Hi Danielle and welcome to HJ! We’re so excited to chat with you about your new release, In Pieces!
Please share your favorite scene from In Pieces :
In Pieces was an intense story to write. I suppose all my stories are, but this one will always hold a special place in my heart. I love to write heroines who seem weak, only to have them prove to both readers and themselves that they are fierce and unbreakable, and Beth Caplan is nothing if not that.
Managing a once-devastating mental illness, Beth finds herself on her own for the first time, at college with none other than David March—her older brother’s best friend, on whom she’s crushed for years. David has always had a soft spot for Beth, and when her over-protective brother asks him to keep an eye on her, he’s caught between his loyalty to him and his attraction to the girl he’s watched grow up into a gorgeous woman.
The push and pull of their relationship is what makes In Pieces such an angsty read, and in this particular scene, we see the culmination of what happens when two people who were meant to be together attempt a friendship while living in close quarters. Add in a little alcohol, jealousy, and a whole lot of lust, and Beth and David’s hearts and bodies give into their attractions before their brains can even catch up. Of course, there’s still much to navigate and obstacles to overcome if they’re going to survive, let alone be together. Can they make it work? You’ll have to read to find out!
If you’ve read my books you know I love backstory. There’s nothing like a good flashback to show what makes a character tick, and as we get glimpses into their past, it becomes more and more clear that Beth and David have always been meant to be. What do you think? Do you think that two people can be made for one another? Are they destined to keep making their ways back to each other, or is love more a matter of timing and circumstance?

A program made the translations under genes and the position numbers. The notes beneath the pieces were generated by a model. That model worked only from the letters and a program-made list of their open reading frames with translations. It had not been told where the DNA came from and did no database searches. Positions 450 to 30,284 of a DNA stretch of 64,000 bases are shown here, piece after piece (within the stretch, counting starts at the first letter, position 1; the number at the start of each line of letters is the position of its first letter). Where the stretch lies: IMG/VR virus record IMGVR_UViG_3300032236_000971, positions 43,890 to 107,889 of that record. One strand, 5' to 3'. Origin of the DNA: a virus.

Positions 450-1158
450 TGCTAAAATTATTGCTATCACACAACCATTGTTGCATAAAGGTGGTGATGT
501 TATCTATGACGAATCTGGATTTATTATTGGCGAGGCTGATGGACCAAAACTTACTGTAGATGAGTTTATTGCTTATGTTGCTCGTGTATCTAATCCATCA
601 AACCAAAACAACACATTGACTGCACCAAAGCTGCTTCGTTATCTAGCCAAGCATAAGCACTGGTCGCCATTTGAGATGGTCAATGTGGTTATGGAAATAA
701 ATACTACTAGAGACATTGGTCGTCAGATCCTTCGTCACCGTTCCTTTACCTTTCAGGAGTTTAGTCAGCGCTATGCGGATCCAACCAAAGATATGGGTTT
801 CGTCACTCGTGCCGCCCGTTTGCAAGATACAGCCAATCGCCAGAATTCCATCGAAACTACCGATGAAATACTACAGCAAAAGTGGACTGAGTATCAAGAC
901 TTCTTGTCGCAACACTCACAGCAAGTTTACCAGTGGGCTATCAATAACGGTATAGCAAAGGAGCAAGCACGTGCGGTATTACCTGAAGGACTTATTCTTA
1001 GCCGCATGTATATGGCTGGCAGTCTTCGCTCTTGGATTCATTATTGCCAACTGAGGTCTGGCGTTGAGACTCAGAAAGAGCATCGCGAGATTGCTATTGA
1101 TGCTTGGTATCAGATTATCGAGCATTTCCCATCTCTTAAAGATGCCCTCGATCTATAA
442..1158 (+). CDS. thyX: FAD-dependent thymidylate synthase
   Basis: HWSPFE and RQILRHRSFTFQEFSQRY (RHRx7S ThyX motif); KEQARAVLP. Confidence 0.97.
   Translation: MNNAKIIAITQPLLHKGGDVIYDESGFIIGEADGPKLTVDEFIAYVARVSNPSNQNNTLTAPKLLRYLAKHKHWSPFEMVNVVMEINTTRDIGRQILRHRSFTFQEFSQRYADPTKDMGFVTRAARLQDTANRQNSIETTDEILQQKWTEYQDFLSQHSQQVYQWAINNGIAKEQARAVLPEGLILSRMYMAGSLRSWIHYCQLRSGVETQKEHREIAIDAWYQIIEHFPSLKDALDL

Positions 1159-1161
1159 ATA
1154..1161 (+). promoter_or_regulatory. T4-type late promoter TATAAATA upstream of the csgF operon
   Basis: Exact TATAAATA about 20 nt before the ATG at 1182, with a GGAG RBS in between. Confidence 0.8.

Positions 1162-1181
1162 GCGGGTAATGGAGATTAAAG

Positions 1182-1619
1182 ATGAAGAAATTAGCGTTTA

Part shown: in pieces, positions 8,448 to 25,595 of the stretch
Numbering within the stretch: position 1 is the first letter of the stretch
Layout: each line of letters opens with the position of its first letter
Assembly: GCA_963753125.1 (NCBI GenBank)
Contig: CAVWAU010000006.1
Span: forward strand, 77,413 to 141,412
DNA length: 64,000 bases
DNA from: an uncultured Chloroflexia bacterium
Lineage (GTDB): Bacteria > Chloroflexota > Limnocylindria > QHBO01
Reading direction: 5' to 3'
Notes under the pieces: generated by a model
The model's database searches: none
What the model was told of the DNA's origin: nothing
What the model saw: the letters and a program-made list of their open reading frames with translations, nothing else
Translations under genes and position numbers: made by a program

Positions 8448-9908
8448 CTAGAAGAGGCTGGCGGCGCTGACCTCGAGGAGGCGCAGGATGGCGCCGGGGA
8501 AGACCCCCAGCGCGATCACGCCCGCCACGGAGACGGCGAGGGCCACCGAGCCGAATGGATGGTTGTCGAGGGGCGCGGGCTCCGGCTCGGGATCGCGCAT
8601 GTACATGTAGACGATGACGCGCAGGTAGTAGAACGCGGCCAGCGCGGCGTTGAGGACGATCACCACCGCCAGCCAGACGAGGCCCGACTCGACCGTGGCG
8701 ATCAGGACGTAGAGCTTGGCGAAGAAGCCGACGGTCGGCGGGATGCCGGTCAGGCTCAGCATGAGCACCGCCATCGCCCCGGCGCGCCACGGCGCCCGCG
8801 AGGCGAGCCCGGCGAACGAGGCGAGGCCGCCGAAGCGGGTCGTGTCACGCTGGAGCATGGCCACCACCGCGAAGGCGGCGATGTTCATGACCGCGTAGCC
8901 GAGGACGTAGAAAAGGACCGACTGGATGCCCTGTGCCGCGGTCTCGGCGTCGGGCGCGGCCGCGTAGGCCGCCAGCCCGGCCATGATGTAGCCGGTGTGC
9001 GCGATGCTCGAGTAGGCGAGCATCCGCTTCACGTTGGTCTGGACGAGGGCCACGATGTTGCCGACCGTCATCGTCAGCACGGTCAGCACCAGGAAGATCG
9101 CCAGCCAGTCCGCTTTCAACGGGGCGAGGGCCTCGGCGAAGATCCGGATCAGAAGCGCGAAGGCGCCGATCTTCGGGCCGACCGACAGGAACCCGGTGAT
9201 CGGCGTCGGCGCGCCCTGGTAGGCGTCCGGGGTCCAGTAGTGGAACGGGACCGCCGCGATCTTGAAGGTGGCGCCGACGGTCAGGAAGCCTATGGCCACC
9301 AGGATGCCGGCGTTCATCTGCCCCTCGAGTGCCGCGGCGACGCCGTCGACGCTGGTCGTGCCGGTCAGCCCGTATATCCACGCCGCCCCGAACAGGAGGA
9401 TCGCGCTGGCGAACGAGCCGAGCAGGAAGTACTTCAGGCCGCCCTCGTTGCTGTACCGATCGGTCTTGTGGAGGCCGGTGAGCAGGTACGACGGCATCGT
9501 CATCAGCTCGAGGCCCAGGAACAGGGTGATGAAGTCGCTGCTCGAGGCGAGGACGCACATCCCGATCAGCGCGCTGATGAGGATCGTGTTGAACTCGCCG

I hope you enjoy Beth and David’s story. Happy reading, Harlequin Junkies!
I’m startled awake from a familiar dream, featuring David and me doing things no quasi-siblings should ever do. My body is still on edge from my own fantasy, and it takes me a minute to realize David’s clean scent mixed with about a barrel and a half of whiskey isn’t actually my imagination.
We’re in bed, but we’re not sleeping on opposite sides. And then last night comes crashing back, and my heart rate takes off at warp speed.
David may have fallen asleep on his back, but he’s rolled onto his side to face me, and I seem to have burrowed into his chest like it’s my own personal pillow. His arm is wrapped tight around my waist, ensuring our bodies are as close as possible, and I’ve hooked my leg around his in my sleep. And the worst part is, I don’t have in in me to untangle myself from him.
His lips are so close to my forehead that his breath heats my skin, and it isn’t until I finally look up that I even notice he’s not asleep, either.
Somehow, in the dark, in the cocoon of his body, everything feels different. Less real. More real.
He can’t be fully sober yet—I don’t think I even am—but there’s something present in his gaze that wasn’t there a couple of hours ago.
“What happened?” he rasps, his voice gravelly from sleep.
What happened? Does he not remember wrapping me in his arms? Or worse—kissing me?
I pull back an inch and start to straighten my leg, but his hand shoots down to my thigh to stop me.
“Don’t,” he says, low and hoarse, and I stop breathing as he slowly guides my thigh further and higher, until we are even closer than before. He doesn’t stop until I can feel his impossible hardness against the most sensitive part of me—the part that’s positively aching for him—and my hands fly to his shoulders to brace myself.
David’s eyes search mine for a reaction, but I’m completely helpless. His touch is my kryptonite and I surrender to it willingly.
“You kissed me,” I blurt in a whisper. I know we’re both already awake, but there’s something surreal and intimate about this strange hour between night and day, like it’s casting some kind of spell, and all I know is I don’t want to break it.
“You asked what happened. Last night. You—”
“I know that, Bea.”
I swallow anxiously, excitedly, and my hips rock gently against him all on their own.